A wife not a caregiver

Emmanuella Akinola
Posted January 10, 2021 from Nigeria
A wife not a caregiver
Emmanuella Akinola standing by her husband Opeolu Akinola

One of the things I never expected when getting married to a disabled person was that I will be called a “caregiver” From my understanding a caregiver is someone who is volunteers or is paid to look after  child, elderly person, sick person or disabled persons. Most time the recipient of the care does not have the capacity to return same.

I am a wife to a disabled person not a care giver. This means that my husband who is blind has the capacity to give me as much care as I would.

In 2011, I was invited to serve in a disability right advocacy group, on my first meeting a fellow member told me to note that I was invited to represent care givers. My response was, I am sorry I cannot serve in that capacity because my experience is different from such.

When you call a spouse of persons with disability a care giver you are stripping the couple of their full life. You are directly saying the spouse with disability has nothing to offer you, so you are in for a job. This is what necessitate questions like: how do you cope? How does he dress up? Why did you allow him travel alone? Etc When I said “Yes I do” 13 years oga I did not sign a contract letter that says you are in for a job, he made promises which he know he has the capacity to fulfil.

Any way being a wife in itself requires I give my husband care in whatever area he might need it whether he is disabled or not and in his capacity as husband he give me care. Therefore,  we are both caregivers.

Let spouses of disabled persons enjoy their relationships don’t prescribed responsibilities don’t create labels form your imagination.

 

Comments 7

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Tarke Edith
Jan 10
Jan 10

Hello sister
thank you for being a care giver to your husband
you know dear what God has join together can not be separated by man.
Thanks for being there for him dear.
keep up sis
love you

Emmanuella Akinola
Jan 11
Jan 11

Thank you Sis.

Nini Mappo
Jan 11
Jan 11

Hello Emanuella,
I am glad that you can take back ground and educate others about the relational codependence in a marriage even if one spouse has a disability. I was thinking if I were you I would have accepted the invitation to serve in that capacity because I would inject a new perspective and empowerment to spouses who forgot that they were also receiving care from the 'spouse in need of care.'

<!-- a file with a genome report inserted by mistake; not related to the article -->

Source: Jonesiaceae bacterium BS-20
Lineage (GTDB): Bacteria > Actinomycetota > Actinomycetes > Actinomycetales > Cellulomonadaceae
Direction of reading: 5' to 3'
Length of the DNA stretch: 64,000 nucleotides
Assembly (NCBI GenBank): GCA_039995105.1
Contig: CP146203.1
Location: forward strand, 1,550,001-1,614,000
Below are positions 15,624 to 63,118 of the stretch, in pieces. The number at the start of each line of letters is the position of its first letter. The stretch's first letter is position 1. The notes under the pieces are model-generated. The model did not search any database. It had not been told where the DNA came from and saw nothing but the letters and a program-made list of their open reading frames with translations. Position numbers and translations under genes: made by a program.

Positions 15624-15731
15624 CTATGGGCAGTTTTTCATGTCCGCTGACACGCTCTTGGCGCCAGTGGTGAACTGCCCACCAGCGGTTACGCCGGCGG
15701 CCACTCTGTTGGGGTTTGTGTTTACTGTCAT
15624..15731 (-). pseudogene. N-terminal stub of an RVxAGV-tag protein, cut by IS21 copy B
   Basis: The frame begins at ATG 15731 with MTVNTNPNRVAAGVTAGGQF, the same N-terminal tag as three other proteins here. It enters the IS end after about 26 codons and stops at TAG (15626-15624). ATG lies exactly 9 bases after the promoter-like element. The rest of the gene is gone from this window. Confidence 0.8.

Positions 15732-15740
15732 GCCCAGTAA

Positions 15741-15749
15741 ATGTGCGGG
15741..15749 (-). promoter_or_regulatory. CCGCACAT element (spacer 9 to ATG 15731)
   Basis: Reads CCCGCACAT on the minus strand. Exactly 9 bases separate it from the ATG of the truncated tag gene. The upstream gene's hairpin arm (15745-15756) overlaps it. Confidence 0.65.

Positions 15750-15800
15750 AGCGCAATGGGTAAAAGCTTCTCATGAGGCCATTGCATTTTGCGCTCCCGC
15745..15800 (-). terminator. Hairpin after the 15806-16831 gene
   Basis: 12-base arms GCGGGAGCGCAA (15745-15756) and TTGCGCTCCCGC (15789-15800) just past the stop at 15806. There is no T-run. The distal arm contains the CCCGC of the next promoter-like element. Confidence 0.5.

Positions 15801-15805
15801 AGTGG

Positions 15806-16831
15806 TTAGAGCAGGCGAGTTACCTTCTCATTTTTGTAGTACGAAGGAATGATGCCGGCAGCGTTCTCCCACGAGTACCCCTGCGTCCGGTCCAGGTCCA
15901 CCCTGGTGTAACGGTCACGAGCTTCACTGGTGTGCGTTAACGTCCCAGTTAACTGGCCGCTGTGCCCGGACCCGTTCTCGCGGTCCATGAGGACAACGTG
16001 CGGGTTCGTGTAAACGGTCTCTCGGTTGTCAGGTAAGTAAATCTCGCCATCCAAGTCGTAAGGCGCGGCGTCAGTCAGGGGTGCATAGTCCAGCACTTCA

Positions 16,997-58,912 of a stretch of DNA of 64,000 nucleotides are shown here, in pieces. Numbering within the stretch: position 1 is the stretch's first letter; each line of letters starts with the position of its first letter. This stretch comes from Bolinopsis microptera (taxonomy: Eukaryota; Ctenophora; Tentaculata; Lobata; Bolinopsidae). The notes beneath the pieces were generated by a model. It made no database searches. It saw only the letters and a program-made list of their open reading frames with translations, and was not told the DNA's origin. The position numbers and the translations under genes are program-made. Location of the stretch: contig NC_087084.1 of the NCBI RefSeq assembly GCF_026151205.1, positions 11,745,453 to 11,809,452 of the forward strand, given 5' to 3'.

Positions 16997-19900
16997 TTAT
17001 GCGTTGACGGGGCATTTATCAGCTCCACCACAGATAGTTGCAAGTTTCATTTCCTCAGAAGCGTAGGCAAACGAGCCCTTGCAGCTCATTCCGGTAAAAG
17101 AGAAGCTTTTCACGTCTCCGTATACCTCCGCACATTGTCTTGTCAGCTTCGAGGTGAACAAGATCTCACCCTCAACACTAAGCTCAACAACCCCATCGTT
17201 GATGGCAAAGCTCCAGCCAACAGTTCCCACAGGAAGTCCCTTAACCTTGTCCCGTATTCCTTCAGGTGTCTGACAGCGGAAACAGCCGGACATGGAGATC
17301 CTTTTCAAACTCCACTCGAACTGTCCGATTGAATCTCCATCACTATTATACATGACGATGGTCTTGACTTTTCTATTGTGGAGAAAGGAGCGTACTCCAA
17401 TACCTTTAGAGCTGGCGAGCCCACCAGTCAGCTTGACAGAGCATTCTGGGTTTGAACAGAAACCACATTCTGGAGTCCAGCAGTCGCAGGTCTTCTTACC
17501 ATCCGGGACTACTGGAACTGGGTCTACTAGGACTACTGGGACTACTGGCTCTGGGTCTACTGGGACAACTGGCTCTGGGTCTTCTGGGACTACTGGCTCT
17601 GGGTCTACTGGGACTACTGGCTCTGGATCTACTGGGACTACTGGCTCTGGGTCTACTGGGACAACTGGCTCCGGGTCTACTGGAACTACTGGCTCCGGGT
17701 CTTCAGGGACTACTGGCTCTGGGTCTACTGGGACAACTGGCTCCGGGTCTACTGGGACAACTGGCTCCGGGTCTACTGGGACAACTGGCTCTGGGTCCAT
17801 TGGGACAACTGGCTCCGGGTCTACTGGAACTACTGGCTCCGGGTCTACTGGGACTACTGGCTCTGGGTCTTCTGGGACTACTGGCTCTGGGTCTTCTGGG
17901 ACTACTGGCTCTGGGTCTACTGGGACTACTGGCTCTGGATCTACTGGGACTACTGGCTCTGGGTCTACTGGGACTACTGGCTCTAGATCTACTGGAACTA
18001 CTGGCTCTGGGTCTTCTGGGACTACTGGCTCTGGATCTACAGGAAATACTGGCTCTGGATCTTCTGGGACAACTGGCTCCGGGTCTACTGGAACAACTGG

I know that in developed countries the reference of family members of persons living with a disability as carers is to acknowledge the possible challenges of living with a disability and provide resources and extra support if needed, but if in your context it feels like devaluing the other spouse then there is a problem. We all have inherent value as human beings, whether we have a disability or not, and what we contribute should be acknowledged and valued, however great or small.

Good on you for defending your right to be a Wife who cares and is cared for, not only a carer. Many blessings to you and your family!

Emmanuella Akinola
Jan 11
Jan 11

Thank you so much Nini, I actually served on the project just kept correcting the label. I really appreciate your understanding.

Hello, Emmanuella,

You have a message to share with the world, dear. May all men with disabilities find a wife like you. May my 7-year-old son with special needs and disabilities find a wife like you one day. I have met many young girls who have a list of men they are to marry and this guy needs to be physically perfect. It takes an extraordinary woman like you to embrace and accept a man for who he is and be willing to receive his love in return.

What a lovely post this is. I am so glad I read your story, dear. Please tell us more. How did you meet? What was about him that you fell in love with? What captured your heart? What captured his heart? I love LOVE STORIES. Please write a post about it.

KABAHENDA KIGGUNDU
Feb 17
Feb 17

Hello Emmanuella,

Emmanuella,

I applaud you for raising an important issue about spouses with disabilities. The societal expectation, in African society especially, is that the spouse without disabilities, usually a wife will provide all the care for the husband.
Of course, when your husband married you, he knew that he would provide for you and you will also provide for him.
I am glad that you are challenging perceptions that make wives "care-givers" or "unpaid workers" of men with disabilities.
Being disabled is not a disease and there many men with disabilities who lead very productive lives and who are still the bread-winners in their families.
Your husband may be blind but that does not mean that he is disabled in all other aspects of his life.
Your point is very clear: being disabled does not mean being incapacitated. I am sure that it will help other women in similar situations to stand and say that they are partners of their disabled husbands not "unpaid workers."

Thank you for this great awareness raising. Keep it up.

Laetitia Shindano
Feb 20
Feb 20

Merci chère pour le partage de votre expérience qui va éclairer et edifier beaucoup de gens qui pensent qu'une personne handicapée est nulle en toute chose. Vraiment votre mari en est l'illustration au vu des services que vous vous rendez mutuellement.

A la prochaine.